“The right to vote is precious, almost sacred. It is the most powerful nonviolent tool or instrument in a democratic society.” Congressman John Lewis
When my sister called on Election Day to ask if I would give her a ride to her voting site, it was a no-brainer.
While driving to her home, I thought about the importance of the 2023 election. This year, all 140 seats in the Virginia General Assembly were up for election. Moreover, Gov. Glenn Youngkin had spent weeks implementing a strategy to gain a Republican majority in the Senate, and to maintain Republican control of the House of Delegates. It involved making campaign contributions and approximately 100 campaign stops to support Republican candidates statewide.
As I turned into the voting location, the street was lined with campaign signs. Friendly campaign workers and a few candidates greeted us as they stuffed our hands with campaign literature. I took advantage of the sunny 75 degree weather to take a short walk while waiting. Thoughts of the hard-fought battle for most Americans to gain the right to vote filled my mind.
More than 400 years ago, on July 30, 1619, 22 plantation owners, commonly referred to as “planters,” and Sir George Yeardley, who was appointed Virginia governor by King James I, met at the church at Jamestown Island. Yeardley presided over the first legislative body that would later become known as the House of Burgesses and then the Virginia General Assembly. This was the first representative legislative government meeting in British North America. These men desired a seat at the table to pass laws to control their lives and destinies, but giving everyone a voice in governing was just not in the cards.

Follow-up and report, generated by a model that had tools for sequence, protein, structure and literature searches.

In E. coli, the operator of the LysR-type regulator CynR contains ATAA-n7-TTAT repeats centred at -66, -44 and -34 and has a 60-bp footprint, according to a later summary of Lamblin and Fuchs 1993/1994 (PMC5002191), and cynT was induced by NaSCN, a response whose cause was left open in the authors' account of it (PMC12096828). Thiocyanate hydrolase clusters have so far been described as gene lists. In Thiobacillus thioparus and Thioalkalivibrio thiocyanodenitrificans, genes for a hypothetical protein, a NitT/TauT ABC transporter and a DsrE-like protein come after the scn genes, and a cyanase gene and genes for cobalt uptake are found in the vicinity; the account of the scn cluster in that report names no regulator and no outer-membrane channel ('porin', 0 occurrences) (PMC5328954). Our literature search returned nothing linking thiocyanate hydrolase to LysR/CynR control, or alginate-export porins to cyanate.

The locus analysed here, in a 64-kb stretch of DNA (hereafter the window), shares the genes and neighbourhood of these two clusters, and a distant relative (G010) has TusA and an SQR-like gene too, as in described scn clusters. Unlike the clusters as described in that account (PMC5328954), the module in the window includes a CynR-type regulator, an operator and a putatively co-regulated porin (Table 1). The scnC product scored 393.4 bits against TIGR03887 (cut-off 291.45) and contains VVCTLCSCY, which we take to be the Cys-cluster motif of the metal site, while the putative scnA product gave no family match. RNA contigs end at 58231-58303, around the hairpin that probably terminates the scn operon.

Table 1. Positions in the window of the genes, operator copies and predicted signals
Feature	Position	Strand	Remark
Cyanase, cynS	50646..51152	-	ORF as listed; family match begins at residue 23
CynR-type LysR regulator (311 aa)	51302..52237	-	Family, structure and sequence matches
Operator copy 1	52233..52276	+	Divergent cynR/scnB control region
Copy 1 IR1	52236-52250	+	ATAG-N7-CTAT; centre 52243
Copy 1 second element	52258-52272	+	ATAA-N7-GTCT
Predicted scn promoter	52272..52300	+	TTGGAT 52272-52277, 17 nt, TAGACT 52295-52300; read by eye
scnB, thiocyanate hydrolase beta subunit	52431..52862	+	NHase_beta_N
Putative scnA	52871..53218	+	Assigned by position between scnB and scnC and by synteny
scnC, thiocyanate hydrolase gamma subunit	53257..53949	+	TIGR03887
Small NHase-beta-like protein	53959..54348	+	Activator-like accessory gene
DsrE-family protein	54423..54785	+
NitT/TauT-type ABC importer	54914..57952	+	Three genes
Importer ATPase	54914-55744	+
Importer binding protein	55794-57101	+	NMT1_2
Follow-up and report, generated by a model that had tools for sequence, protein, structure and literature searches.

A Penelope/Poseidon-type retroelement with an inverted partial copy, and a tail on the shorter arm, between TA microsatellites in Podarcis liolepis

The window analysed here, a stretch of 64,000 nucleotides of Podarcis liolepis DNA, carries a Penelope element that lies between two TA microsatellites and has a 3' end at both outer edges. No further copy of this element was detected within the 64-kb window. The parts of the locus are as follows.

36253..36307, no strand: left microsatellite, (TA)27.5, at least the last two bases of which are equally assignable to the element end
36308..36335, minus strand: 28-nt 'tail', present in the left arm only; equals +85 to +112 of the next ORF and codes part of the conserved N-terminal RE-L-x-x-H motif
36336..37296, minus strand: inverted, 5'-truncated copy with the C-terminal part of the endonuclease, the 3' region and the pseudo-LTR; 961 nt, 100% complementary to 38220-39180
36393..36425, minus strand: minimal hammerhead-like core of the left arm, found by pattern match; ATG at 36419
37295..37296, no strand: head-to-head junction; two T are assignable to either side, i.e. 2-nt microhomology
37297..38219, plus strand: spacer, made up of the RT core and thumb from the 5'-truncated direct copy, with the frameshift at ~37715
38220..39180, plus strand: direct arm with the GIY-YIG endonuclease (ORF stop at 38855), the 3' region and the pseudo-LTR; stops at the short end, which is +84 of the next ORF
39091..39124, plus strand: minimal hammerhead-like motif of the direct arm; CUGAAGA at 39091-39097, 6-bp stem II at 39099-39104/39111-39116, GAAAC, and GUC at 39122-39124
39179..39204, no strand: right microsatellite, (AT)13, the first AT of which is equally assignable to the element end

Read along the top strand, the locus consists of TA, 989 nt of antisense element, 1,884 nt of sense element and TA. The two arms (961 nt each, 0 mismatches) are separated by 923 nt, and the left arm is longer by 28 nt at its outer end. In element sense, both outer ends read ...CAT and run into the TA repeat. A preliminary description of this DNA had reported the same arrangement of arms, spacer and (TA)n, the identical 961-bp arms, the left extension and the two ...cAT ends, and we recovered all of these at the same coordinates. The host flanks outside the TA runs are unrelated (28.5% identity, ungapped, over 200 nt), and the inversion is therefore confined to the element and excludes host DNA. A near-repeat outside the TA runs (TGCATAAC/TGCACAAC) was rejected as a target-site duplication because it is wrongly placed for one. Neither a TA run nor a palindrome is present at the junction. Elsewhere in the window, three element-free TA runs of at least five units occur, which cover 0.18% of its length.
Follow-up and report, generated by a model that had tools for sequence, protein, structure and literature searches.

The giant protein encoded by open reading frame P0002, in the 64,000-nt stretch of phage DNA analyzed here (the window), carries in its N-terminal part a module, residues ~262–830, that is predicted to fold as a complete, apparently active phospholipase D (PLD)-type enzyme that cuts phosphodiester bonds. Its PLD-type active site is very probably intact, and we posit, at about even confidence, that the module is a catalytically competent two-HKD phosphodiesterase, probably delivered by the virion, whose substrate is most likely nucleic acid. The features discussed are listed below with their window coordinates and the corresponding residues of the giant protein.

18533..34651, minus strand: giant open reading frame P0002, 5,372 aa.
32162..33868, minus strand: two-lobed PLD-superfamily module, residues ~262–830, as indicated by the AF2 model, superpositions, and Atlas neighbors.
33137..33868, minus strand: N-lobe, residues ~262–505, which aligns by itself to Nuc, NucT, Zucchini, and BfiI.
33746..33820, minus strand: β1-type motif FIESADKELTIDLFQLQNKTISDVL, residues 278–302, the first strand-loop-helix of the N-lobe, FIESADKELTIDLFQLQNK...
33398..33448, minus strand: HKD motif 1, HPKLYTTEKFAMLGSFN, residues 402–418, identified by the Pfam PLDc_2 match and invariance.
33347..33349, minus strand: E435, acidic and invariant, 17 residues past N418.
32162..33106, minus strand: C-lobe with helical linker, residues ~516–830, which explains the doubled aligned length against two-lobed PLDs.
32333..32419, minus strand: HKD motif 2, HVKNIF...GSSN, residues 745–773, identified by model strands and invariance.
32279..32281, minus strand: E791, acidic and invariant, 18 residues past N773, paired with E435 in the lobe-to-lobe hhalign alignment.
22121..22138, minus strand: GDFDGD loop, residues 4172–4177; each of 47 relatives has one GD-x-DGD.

British social hierarchy systems shaped the political landscape of the Virginia colony, as well as the new nation that would be birthed on July 4, 1776. In this culture, only white men who were landowners were allowed to vote.
One hundred years after fighting for independence from British tyranny, the nation would be in the throes of the Reconstruction era, which saw formerly enslaved African American men voting and holding offices in state legislatures and the U.S. Congress.
Next, women would rise up to lobby for voting rights. In 1920, the Women’s Suffrage Movement led to the ratification of the 19th amendment to give women the right to vote. However, most people of color still faced discrimination when attempting to vote. Their disenfranchisement fueled the 1950s and ’60s Civil Rights Movement. In 1965, President Lyndon B. Johnson signed the landmark Voting Rights Act, which outlawed discriminatory voting practices codified in Southern states after the Civil War.
Today, nearly 60 years later, progress has been made. Yet, there are still efforts to hinder people from having their votes count. Gerrymandering dates back to the 18th century when Patrick Henry sought to deny James Madison a seat in the first Congress. Henry pushed for drawing district lines to include counties with people like him who were opposed to Madison and the Constitution he authored.
Manipulation to favor specific groups caught on and still shows up. Earlier this year, the Supreme Court ruled in favor of African Americans who protested Alabama’s congressional redistricting designed to diminish equal power at the ballot box.
Today, three things are critical when exercising our hard-fought right to vote. First, we must vote and help others to vote. Next, ensure that our representatives’ agendas reflect the communities that they are elected to serve. Finally, advocate for voter-centered redistricting that maintains the communities’ political priorities.
When we come together to build a more just and equitable community, we all win!
Laura D. Hill is the founder and director of Coming to the Table-Historic Triangle, a program of the Virginia Racial Healing Institute. Learn more about her work at Comingtothetable-historictriangle.org.